On an August night in 2007, Luc Lavoie lounges in the shadows on the back patio behind a Montreal old boys’ club. The then-spokesperson for former prime minister Brian Mulroney cuts an ominous figure in the dark, his face half-illuminated by the glow of the club’s lights. He puffs on a cigarette in one hand and sips from a glass of wine in the other. Across from him sits Harvey Cashore, senior editor for CBC’s investigative program the fifth estate, and The Globe and Mail’s national reporter Greg McArthur. The two met while investigating the sprawling Airbus affair, in which German businessman Karlheinz Schreiber alleges that he gave Mulroney secret commissions stemming from Air Canada’s $1.8-billion purchase of thirty-four A320 Airbus Industrie passenger planes. Cashore is working on his sixth documentary about this story, which has become one of the most complex political scandals in Canadian history.
Cashore and Lavoie don’t get along—the journalist’s probing has irked many people with power, prestige and connections—so the mood alternates between tense and light-hearted. “Where is the money?” he and McArthur ask. “What did Mulroney do with it? Why did he take cash payments from Schreiber?”
“Canadians have a right to know why Mulroney took the money,” Cashore says.
“What makes you think you have a right to anything?”
They continue pushing for answers. But Lavoie, a tempestuous, outspoken charmer, skirts the hard questions, answers the easy ones tongue-in-cheek and rambles off-topic. He takes a drag on his cigarette and locks his eyes on Cashore. Returning the stare, Cashore again asks, “What happened with the money?”
“Ah, Aar-vey,” he drawls nonchalantly, “I wish this was another time, another place, back before the rule of law, and we would settle things in the alley.”
The complicated relationship between Cashore and Lavoie doesn’t bother the reporter, who has endured criticism, lawsuits and personal turmoil to get to the bottom of a story he’d never have guessed would go this deep.
Schreiber’s job was to sweeten international business deals on behalf of German companies—essentially acting as a high-priced middleman. Bavarian manufacturers such as Airbus, MBB and Thyssen Industries employed Schreiber to ensure they landed international contracts. Stationed in Canada, he circulated within the Progressive Conservative Party, befriending some Tories who would later end up in power. He first curried favour with the future prime minister in 1983 after paying to fly delegates into Winnipeg for a convention that would lead to Mulroney’s party leadership. In the following years, Schreiber made fast friends with other high-profile Tories, including Mulroney cabinet minister Elmer MacKay and Newfoundland premier Frank Moores. At the time of the purchase in 1988, German law permitted the use of schmiergelder (grease money) to lubricate bureaucratic cogs. But bribery is illegal in Canada and government contracts—including those involving then–crown corporation Air Canada—forbid the use of kickbacks. Still, Schreiber alleges that he gave Mulroney $300,000 in cash after he left office in 1993. The former prime minister says the cash totaled $225,000 and was for international lobbying, not Airbus.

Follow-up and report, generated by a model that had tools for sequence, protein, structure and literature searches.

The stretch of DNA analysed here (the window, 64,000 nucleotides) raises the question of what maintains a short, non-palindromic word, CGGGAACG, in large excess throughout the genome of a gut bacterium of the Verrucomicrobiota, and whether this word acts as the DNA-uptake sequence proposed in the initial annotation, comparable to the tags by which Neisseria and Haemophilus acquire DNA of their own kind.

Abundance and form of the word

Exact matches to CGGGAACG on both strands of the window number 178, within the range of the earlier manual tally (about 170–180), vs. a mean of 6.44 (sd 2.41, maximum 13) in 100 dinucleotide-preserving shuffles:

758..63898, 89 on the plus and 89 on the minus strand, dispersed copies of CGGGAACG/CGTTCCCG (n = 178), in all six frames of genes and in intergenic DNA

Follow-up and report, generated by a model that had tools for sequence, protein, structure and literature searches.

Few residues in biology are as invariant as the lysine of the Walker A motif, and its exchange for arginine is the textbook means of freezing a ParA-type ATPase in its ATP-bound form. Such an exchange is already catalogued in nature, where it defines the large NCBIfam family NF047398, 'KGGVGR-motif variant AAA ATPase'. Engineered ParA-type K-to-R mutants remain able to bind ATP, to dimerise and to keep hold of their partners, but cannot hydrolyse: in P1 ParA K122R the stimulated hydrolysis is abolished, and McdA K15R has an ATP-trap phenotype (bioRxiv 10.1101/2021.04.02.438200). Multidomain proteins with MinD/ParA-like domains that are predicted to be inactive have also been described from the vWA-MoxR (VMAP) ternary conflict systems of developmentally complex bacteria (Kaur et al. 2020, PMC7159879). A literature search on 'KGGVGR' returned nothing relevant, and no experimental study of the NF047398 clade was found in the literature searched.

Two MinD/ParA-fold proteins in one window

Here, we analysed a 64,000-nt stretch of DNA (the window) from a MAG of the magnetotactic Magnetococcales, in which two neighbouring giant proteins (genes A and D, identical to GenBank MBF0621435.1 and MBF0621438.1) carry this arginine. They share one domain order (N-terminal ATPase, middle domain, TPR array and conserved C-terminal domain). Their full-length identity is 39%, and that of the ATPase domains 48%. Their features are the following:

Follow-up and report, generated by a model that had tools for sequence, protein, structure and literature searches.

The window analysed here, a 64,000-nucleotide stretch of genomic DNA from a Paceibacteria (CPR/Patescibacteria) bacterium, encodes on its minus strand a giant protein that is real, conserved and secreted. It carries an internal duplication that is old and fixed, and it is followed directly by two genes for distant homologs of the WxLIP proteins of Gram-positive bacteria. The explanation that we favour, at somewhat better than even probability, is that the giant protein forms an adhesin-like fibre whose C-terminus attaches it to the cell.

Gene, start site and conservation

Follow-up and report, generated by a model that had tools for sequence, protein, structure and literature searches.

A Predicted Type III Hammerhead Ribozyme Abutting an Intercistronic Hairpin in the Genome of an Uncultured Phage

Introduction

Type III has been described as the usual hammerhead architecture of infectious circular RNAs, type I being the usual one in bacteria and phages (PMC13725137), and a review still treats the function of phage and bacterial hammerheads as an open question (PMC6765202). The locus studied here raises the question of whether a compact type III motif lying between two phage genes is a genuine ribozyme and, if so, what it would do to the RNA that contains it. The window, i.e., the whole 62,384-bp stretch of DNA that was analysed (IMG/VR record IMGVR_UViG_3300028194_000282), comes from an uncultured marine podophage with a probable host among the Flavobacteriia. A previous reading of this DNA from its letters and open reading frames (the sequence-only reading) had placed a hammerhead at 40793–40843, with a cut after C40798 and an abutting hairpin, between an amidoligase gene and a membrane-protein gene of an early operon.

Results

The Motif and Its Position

The fact that Cashore’s stayed on Airbus for 13 years is unusual in a profession always eager to move onto the next story. It’s also a testament to his reputation as one of the finest investigative journalists in the country.
Once commonplace, investigative units dedicated to this costly, time-intensive reporting are now dwindling. But the public’s appetite for deeply researched stories such as Airbus remains and is perhaps even more voracious in these complex times. Any news organization that believes the press is a pillar of democracy ought to agree—but putting this principle into practice isn’t so simple.
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About the author
Canice Leung was the Editor for the Summer 2008 issue of the Ryerson Review of Journalism.